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Just finished reading How It All Began: A Novelby Penelope Lively. I find it hard to describe this book – it’s wonderful. I loved it. But describing it is perplexing. The title relates to one of the characters, a woman of a certain age, who is mugged, and has to go live with her daughter and son in law for awhile since she’s stuck with crutches and has mobility problems. That starts the cavalcade of events that spread around her, with the characters. And she knows nothing whatsoever about them, hardly. They’re all somewhat inter-related (not much family, but mostly by circumstance) and they all get into some rather logical and some peculiar relationships. You engage  with each and every one of them; at least I sure did; and was trying to tell some of them to back away from what they were about to do. Or “be careful;” or “don’t go there.” That kind of thing. There is nothing insidious, no mystery involved – it’s all about these people and what happens to them. I was sad when the book was finished. The author, Lively, does add a chapter at the end – I wonder if it wasn’t part of the master plan – that kind of tidies up everything, and you get to see all of the characters move on with their lives, happy or not, but mostly happy. Really enjoyed the book. Am not sure it would be a good book club read, as the only thing to discuss are the characters themselves. Lively paints these characters well; you can just picture them as they get themselves in and out of relationship mischief.

The Last Midwife: A Novel by Sandra Dallas. It’s a very, very good read. It tells the story of an older married woman who lives in a small mining town in the Colorado rockies (this is the mid-1800’s), and is well known by all because she’s the only midwife in the area. Often people can’t pay her anything, or very little for her days of service with little or no rest or food. Suddenly, a couple accuse her of strangling their infant (she arrived after the birth, actually). Hence the story is about how this small town rallies or rails for or against Gracy. She didn’t commit the crime, but not everyone can be convinced since the father is a wealthy man in the area who carries a lot of clout. There’s plenty of relationship issues here, which make really great fodder for a novel. And there are plenty of characters in the book that you’ll love or hate. Some secrets get dredged up too. Oh, such a good read.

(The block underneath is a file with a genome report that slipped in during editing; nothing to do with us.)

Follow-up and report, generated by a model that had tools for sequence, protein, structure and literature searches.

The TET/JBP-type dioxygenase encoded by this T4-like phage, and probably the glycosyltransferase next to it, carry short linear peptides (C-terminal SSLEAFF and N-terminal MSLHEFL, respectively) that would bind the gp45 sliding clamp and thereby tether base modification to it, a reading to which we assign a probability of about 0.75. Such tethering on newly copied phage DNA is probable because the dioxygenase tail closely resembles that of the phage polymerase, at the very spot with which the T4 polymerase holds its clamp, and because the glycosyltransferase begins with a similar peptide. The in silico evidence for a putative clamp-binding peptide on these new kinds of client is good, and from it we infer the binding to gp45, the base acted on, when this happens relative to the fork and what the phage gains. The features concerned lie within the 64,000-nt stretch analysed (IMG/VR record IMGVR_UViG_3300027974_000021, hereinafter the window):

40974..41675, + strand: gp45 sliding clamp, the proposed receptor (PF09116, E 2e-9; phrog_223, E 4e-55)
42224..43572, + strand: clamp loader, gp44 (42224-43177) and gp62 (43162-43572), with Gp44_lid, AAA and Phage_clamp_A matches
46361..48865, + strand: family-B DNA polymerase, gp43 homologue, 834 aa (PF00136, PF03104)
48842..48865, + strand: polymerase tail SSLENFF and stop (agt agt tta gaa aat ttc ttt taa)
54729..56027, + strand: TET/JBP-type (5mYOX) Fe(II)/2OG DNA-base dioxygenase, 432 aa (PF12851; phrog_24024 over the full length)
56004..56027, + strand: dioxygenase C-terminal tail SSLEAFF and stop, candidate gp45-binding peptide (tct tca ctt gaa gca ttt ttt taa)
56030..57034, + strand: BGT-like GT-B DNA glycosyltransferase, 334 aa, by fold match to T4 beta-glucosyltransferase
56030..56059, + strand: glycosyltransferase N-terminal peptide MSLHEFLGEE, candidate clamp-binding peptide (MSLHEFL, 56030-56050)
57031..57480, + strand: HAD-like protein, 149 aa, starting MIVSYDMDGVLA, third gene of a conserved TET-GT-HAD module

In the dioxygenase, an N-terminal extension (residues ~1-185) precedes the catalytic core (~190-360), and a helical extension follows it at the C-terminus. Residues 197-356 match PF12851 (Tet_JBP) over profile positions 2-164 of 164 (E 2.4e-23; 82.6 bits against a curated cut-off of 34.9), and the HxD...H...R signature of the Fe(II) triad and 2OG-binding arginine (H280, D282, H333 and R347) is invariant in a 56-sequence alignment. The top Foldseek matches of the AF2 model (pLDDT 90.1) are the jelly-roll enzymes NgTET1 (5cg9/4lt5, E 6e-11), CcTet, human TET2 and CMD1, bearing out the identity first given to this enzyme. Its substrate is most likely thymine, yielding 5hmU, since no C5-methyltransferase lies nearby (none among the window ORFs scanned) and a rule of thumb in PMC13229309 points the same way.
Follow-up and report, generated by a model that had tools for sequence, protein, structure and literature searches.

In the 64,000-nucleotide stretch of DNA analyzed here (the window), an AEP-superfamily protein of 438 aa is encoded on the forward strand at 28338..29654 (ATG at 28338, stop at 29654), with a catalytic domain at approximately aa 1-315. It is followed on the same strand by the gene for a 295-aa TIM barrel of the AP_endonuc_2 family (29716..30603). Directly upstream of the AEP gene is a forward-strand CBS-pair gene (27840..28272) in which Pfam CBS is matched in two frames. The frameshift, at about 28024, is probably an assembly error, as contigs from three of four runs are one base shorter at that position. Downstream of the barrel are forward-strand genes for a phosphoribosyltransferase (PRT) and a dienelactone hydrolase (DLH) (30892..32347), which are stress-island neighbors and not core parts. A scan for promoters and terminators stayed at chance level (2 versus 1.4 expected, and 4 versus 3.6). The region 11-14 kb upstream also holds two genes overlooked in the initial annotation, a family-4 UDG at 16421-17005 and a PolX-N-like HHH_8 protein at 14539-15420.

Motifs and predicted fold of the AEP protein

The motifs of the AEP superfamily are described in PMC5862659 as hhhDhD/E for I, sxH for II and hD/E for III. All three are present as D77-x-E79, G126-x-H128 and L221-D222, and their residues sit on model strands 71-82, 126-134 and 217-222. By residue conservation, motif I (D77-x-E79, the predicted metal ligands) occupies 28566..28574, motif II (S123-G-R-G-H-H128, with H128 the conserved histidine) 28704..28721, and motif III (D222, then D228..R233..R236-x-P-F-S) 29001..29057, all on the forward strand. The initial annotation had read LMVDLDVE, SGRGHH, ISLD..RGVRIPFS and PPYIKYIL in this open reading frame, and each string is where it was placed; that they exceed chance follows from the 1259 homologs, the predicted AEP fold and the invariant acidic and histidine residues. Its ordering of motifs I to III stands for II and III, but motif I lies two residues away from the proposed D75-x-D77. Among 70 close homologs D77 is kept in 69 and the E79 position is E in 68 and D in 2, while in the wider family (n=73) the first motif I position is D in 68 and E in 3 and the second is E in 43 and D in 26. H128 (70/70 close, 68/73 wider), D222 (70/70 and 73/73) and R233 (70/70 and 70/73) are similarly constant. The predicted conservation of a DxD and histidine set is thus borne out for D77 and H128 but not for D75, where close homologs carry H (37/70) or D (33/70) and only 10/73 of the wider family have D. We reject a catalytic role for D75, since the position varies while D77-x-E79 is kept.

On my recent road trip, I visited one of my local libraries and borrowed 5 books on tape. We listened to 3 of them. I’m a big fan of Craig Johnson, the author of a series of mysteries taking place in Wyoming, and a TV series on Netflix called Longmire. This book, A Serpent’s Tooth: A Longmire Mystery was really complex. Hard to explain, but it’s about graft and greed and oil. Worth reading, for sure. Also read Stone Kiss by Faye Kellerman, another complex mystery about Lt Decker, an LA cop who journeys to NYC to help out his family when a murder occurs. Lots of violence in this one.  Not particularly a fav book, I’d venture. Then read Leaving Time: A Novel by Jodi Picoult. I’ve read most of her books – always very riveting. In this book, you’ll learn a whole lot about elephants since the protagonist in it is a young girl whose mother disappeared when she was quite young. Her parents ran an elephant sanctuary in New Hampshire. In the ensuing years, Jenna has tried to find clues as to her mother’s whereabouts because she just cannot believe her mother would have up and abandoned her. There are a whole cast of characters (her mother, her father, employees at the sanctuary, a cop or two, and a psychic). All play fairly prominent roles. Fascinating book – I really liked it, almost as much for the education about the behavior of elephants as about the mystery. A great read.